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Dodgers players celebrate defeating the Tampa Bay Rays to win the World Series at Globe Life Field in Arlington, Tex., on Oct. 27, 2020.Jerome Miron/USA TODAY Sports via Reuters

Congratulations to the Los Angeles Dodgers. They won the World Series, meaning they will be the only people in Major League Baseball who have fond memories of what passed for a baseball season in 2020.

This thing began in strife – a weeks-long public argument between players and teams over what was really important here. In the end, they managed to agree that it was money and then further agreed to pretend it was safety.

From the off, it was clear baseball players and coaches either didn’t understand the COVID-19 rules or didn’t care to follow them.

Teams treated their stadiums like Level-5 CDC containment units. Getting into one required apps, temperature checks, questionnaires, constant attention to hygiene. All of it meant to convey the impression of a sealed environment.

But once the games ended, the players were free to come and go as they pleased in whatever town they found themselves in. Who could have guessed that wouldn’t work out so hot?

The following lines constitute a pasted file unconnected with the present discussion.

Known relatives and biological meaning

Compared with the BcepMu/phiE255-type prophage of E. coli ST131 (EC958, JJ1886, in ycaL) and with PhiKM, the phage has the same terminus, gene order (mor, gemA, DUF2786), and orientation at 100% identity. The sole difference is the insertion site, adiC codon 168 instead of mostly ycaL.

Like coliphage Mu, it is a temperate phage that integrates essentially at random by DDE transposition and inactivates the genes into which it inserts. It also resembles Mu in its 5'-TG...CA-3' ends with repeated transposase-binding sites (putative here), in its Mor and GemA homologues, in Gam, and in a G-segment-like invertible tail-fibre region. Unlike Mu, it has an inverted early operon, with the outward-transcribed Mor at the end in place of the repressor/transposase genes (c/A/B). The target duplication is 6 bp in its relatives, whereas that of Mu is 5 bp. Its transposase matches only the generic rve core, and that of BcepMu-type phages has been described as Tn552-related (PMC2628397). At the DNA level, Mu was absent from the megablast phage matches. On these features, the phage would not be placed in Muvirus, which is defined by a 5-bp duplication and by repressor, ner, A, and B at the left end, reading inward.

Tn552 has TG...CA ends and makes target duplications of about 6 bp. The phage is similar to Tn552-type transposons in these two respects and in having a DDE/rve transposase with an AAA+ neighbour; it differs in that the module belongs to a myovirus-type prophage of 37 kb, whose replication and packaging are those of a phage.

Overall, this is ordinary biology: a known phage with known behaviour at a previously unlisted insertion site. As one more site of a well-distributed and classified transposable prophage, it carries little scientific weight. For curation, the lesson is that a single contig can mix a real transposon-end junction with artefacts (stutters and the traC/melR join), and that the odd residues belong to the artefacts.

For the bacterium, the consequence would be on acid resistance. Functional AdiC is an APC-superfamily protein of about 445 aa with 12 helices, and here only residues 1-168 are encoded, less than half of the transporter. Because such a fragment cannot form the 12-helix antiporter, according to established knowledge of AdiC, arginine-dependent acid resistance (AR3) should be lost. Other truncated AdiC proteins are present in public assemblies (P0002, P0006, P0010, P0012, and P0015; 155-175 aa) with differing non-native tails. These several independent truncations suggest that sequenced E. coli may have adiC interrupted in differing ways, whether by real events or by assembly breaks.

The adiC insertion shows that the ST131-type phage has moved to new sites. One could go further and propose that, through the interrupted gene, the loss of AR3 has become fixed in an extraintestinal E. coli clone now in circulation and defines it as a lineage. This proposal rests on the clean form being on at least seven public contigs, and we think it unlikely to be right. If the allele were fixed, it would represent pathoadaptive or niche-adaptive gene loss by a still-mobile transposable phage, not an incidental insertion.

Down on the field, MLB promised strict masking and physical distancing from the people in the dugout. Nobody did that. By the end, only the managers were wearing masks on the bench and you got the impression it was only because it allowed them to hide their expressions of dismay.

Tuesday’s deciding game of the World Series was the disastrous PR cherry to top the season’s mud pie. Los Angeles’s Justin Turner was informed in the seventh inning that he’d tested positive for coronavirus. Why even tell him at that point? He’s obviously infected half the guys there already. Why not just pretend you’re giving him a Gatorade shower and dump a big tub of bleach on him?

Turner disappeared for a couple of innings. Nursing a small lead, the Tampa Bay Rays consulted their BaseballMatic4000 analytics machine. The machine has apparently achieved sentience and bet heavily against its owners. Because that’s the only reason it would have told them to pull starter Blake Snell, who was on an almighty roll.

Tampa collapsed. L.A. won. And during the celebrations that followed, Turner – fresh off his positive test – was out there celebrating with everyone else. The scolds in the media flipped out. The commissioner got booed.

The whole thing was a mess, which seemed apropos. This season began in chaos and ended in farce. Soon may it be forgotten.

In the health and safety sense, baseball has become a nice metaphor for society at large. When it comes to COVID-19 prep and avoidance, there is what people say and what they do. Just being out in the world for an hour or two convinces you the two things are becoming more divergent by the day.

Have you been to an outdoor restaurant patio lately? Because we are beginning to test the limits of what the word ‘outdoor’ means.

A year ago, I would have said it is an open-air space, unbounded either by walls or a roof, or both.